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House Dems seek to curb presidential power with new bill targeting potential abuses

House Democrats unveiled a sweeping package of government reforms Monday aimed at curbing future abuses of power by a president and strengthening congressional oversight powers, in response to the conflicts they’ve had with the Trump administration in the last three years. 

The legislation, called the “Protecting Our Democracy Act,” wouldn’t pass the Republican-controlled Senate even if it were to pass the House before the end of the current Congress, but it is among the bills Democrats have prepared, should they recapture the Senate and White House this November. It would complement H.R.1, another reform package targeting voting rights, campaign finance and government ethics House Democrats passed in 2019. 

The committee chairs who authored the legislation say it will prevent future abuses and restore the balance of power between Congress and the White House, and they argue that the foundation of democracy is “deeply at risk” without changes.  

“Since taking office, President Trump has placed his own personal and political interests above the national interest by protecting and enriching himself, targeting his political opponents, seeking foreign interference in our elections, eroding transparency, seeking to end accountability, and otherwise abusing the power of his office,” the chairs said in a statement. “It is time for Congress to strengthen the bedrock of our democracy and ensure our laws are strong enough to withstand a lawless president.” 

The latest legislation tries to claw back more power for Congress and to curb the president’s power under the Constitution, an area where Democrats have struggled, despite hundreds of hours spent on investigations of the current administration and impeachment proceedings that ended with the president’s acquittal in the Senate.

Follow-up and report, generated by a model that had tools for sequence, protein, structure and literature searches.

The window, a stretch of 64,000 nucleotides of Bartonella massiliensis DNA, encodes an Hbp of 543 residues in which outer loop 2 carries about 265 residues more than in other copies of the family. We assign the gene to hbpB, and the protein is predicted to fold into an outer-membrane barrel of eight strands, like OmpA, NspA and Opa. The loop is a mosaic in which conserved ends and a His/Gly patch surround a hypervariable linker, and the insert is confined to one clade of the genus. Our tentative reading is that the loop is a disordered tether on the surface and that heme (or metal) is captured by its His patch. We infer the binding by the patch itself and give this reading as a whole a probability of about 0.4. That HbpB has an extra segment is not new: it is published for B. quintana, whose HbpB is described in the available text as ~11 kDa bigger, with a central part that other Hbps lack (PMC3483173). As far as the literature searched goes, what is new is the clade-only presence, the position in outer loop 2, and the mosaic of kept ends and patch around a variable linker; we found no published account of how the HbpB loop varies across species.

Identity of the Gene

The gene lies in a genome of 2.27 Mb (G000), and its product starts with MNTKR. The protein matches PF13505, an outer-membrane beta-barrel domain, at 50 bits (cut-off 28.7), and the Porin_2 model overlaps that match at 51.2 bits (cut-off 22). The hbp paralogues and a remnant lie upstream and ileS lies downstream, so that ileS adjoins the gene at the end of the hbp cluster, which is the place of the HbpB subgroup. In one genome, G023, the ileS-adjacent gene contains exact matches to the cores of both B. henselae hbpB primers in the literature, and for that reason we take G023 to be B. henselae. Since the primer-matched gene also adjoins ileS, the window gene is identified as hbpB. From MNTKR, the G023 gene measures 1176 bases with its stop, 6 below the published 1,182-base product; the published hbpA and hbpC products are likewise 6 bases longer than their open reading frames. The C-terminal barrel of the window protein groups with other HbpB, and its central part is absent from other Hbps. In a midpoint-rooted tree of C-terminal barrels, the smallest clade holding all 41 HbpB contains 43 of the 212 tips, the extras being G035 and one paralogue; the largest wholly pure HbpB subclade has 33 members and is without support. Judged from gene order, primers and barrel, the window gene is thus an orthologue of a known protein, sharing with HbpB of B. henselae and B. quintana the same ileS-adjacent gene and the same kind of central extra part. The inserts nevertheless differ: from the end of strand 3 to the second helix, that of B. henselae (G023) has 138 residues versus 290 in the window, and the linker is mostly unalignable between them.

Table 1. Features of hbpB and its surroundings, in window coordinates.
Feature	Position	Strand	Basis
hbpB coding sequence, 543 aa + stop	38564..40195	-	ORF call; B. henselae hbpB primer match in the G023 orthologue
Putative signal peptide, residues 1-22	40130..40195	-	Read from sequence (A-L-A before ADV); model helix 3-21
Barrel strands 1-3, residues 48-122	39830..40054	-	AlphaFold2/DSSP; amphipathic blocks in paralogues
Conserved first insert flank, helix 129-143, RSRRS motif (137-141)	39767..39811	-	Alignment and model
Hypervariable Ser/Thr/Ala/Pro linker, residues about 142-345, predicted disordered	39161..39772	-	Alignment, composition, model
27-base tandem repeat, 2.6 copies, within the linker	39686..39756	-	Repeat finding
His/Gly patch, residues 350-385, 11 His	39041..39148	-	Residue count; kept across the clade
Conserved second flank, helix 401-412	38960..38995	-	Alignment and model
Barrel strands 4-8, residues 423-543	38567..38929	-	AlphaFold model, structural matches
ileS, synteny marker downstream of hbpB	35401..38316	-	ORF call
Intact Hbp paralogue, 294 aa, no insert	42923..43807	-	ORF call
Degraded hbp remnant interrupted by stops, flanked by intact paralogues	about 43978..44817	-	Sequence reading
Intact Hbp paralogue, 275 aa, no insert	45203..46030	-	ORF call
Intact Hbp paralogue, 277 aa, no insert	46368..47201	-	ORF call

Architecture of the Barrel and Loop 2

It would speed up the process by which Congress can turn to the courts to enforce a subpoena and empower the courts to fine government officials who fail to comply. Democrats have used the contempt process to try to compel Attorney General William Barr, Commerce Secretary Wilbur Ross and former White House Counsel Don McGahn to comply with subpoenas, only to see those efforts stall in court or fail to produce documents they sought. 

There are also provisions aimed at limiting the administration’s ability to govern through emergency declarations or to divert federal funds away from the use intended by Congress. 

The bill would also try to curb potential political interference by the Justice Department, and even allow fines against White House officials who violate the Hatch Act by engaging in partisan political activity while acting in an official capacity. An ethics watchdog for the White House recommended that one of President Trump’s key advisers, Kellyanne Conway, be fired for violating the act, but she faced no consequences from the White House. 

Other measures would strengthen protections for whistleblowers in the federal government and try to give further support to the inspectors general who independently investigate federal agencies.  

The president himself would face increased scrutiny and limits on his ability to issue pardons or commutations to relatives or officials who were found to have obstructed Congress. Self-pardons would be prohibited, and there would be laws to strengthen the Emoluments Clause of the Constitution, which bans government leaders from receiving gifts or profiting from foreign or domestic officials. A complaint by the District of Columbia and Maryland that President Trump has violated the clause by accepting the business of foreign and state governments at his hotel in Washington, D.C. has been tied up in court for years.  

A third prong of the expansive legislation targets potential election interference by foreign countries, in part by requiring political committees and campaigns report certain foreign contacts. That was the subject of part of the investigation by special counsel Robert Mueller. 

The bill was authored by Intelligence Committee Chairman Adam Schiff, Judiciary Committee Chairman Jerrold Nadler, Oversight Committee Chairwoman Carolyn Maloney, Budget Committee Chairman John Yarmuth, House Administration Committee Chairwoman Zoe Lofgren, Foreign Affairs Committee Chairman Eliot Engel, and Ways and Means Committee Chairman Richard Neal.  

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